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If you have an older dog, then you are no stranger to finding miscellaneous bumps and lumps on them. In fact, most dogs over the age of 7 will have developed one or more of these bumps upon inspection. But what are these lumps and bumps on dogs and when should an owner be concerned?
What Does A Lump On A Dog Mean?
One time I reached down to give an affectionate scratch to my older dog when I felt a new bump on her head. Now she is more than 13 years old, so this is not our first “lump,” but I always get concerned when I find a new one. Mainly because this one did not seem like the other lumps and bumps that she has developed in the past. So, off to the vet we went….
How Many Different Types Of Lumps Are There?
The vet explained to me that there are many kinds of lumps and bumps that can develop on older dogs, just like on older humans. These include:
- Lipomas (fatty tumors in dogs)
- Sebaceous cysts (skin cysts)
- Hematomas (blood blisters)
- Infected hair follicles
- Benign tumor
- Malignant tumor
How do we as pet parents know what to be concerned about and what not to be worried about? Lucky for me, my vet is very patient and educated me on the questions an owner should try to answer before they bring their pet into their appointment.
Questions To Ask About Dog Lumps And Bumps
If you know the answers to these questions before you get to the vet, it will really help them diagnose your dog’s “lump” quicker and will also help you know if it is potentially something serious.
- Has the lump or bump appeared suddenly or has it been there a while?
- Has the bump or lump stayed the same consistency or had the same appearance or has it recently changed?
- Does the lump seem to separate from the underlying tissue or does it seem fixed in place?
- Is there only one lump that you have found recently or are there multiple bumps?
- Finally, has your dog had any changes in behavior such as loss of appetite, weight loss, vomiting, diarrhea, lethargy, or a dramatic change in overall attitude?
How Much Does Lump Removal Cost?
As it turns out, surgery to remove lumps and bumps is one of the most common types of dog surgeries, and it can cost $1,000 or more per incident.
Pet Insurance Can Reduce Your Financial Risk
Before you start to panic, you might consider signing up for pet insurance as a proactive measure to lower your risk for potential health threats during your dog’s lifetime. Why? Pet insurance is hands down the best thing you can do for your dog. Not only for the health of your dog but to save you from financial trouble should an accident, illness or pet emergency arise. Humans have health insurance so our furry friends should too. That way you will never have to choose between an expensive treatment and your pet’s life. Pet insurance gives you peace of mind so you can make better and less emotional decisions in the face of crisis.
Read some reimbursement success stories to find out how pet insurance can save a life, literally. You’ll quickly understand why pet insurance is one of the fastest growing types of insurance.
Bumps That Are Of Most Concern:
- Grow fast
- Change size or shape over a few weeks or months
- Ooze or break open
- Are firm and tightly fixed in place
- Are abnormally colored like melanomas.
The vet was quick to point out that there are no specific criteria to use to tell if any given tumor is benign or malignant, so I was right to bring my dog in when I discovered something new.
How Do Vets Know Which Lumps Are Bad?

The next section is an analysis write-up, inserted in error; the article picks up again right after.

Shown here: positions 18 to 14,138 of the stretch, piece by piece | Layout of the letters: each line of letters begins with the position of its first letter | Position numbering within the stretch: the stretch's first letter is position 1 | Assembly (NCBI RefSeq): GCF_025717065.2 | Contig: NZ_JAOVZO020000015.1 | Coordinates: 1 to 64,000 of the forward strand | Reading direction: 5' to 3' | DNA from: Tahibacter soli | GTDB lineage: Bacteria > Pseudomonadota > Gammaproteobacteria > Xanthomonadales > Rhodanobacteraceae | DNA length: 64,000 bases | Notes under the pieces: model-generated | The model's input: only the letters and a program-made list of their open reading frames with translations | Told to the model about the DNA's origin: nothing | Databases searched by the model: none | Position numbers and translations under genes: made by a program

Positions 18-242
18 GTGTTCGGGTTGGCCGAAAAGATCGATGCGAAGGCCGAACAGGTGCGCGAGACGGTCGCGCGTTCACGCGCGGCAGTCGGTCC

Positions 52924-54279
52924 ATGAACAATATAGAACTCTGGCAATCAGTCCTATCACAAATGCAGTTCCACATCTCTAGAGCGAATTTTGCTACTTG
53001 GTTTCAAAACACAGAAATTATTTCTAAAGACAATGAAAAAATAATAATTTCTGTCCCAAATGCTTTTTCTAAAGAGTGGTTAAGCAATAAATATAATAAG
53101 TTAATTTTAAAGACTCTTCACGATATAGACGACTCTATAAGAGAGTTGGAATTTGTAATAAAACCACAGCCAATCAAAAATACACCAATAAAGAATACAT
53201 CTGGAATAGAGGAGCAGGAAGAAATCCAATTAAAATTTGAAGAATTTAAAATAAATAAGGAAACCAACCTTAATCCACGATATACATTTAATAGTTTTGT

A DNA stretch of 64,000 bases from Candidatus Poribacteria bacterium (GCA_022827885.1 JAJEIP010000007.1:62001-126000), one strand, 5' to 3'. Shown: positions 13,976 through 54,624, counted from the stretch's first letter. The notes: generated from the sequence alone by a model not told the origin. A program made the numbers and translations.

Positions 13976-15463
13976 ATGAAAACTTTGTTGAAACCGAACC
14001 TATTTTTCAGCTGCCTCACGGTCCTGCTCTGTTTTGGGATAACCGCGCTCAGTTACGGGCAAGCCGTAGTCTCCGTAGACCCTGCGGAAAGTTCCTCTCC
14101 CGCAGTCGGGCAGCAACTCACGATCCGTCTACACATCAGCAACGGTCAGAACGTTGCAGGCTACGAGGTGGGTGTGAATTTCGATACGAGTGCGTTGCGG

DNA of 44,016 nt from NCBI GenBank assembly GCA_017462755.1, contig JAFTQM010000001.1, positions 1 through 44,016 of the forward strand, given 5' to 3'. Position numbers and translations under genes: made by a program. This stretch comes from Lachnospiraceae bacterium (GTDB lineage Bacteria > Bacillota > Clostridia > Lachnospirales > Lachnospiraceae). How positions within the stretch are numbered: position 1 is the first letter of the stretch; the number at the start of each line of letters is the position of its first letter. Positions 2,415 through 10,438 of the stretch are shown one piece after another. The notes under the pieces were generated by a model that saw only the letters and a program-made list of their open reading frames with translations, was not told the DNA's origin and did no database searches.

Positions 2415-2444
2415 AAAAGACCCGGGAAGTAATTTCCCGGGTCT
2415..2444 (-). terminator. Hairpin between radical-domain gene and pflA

It can be difficult to tell just by looking and touching a lump if it is the dreaded “C” tumor that we all fear.
Because of my dog’s age and how quickly the lump developed, my vet moved onto the next phase in diagnosis: the Fine Needle Aspiration. This sounds a bit more complicated than it actually is. He just took a long thin needle and pulled a sample of tissue out of the lump to send off to a lab to be checked.
If the results had come back “suspicious” then he would have proceeded to more tests such as blood work, radiographs and/or abdominal ultrasounds.
All of this helps to guide the vet’s treatment options if a tumor is discovered. Sometimes dog tumors are benign and can be easily removed via surgery. Or sometimes it cannot be removed and needs to be treated with radiation and/or chemotherapy.
How Vets Diagnose Concerning Lumps On Dogs (Video)
Watch this short video to learn more about how vets diagnose lumps on dogs.
How To Track Lumps On Dogs
The most important thing you can do as an owner is to check your dog for any new lumps and bumps regularly. You don’t have to drive to the vet the minute you find something new, but do monitor your pup closely for changes.
Another good idea for any dog, especially over age 7, is to have regular annual exams (like a human physical) where the vet can take more time to check your dog and ask overall health questions. Better yet, if you have wellness insurance these preventative exams are usually covered under your plan (Pets Best would be a good solution for both pet health insurance and wellness insurance in one comprehensive policy). During a wellness visit, the vet can make sure any new lumps are on their “lump and bump map” for your dog. Remember that lumps can change over time so just because it’s been there forever doesn’t mean you can forget about it.
Is That Lump On My Dog Cancer?
After a few tense days for us, I am happy to report that my dog had a benign cyst that was easily treated and not a canine tumor. The vet added the location to her “lump and bump” map so that he will know to track it at her next visit. Both my dog and I had an extra spring in our step when we left the vet office that day; however, I’ll make sure that I continue to monitor all her lumps and bumps as she ages.
Has your dog had a lump or bump? How did you diagnose and treat it?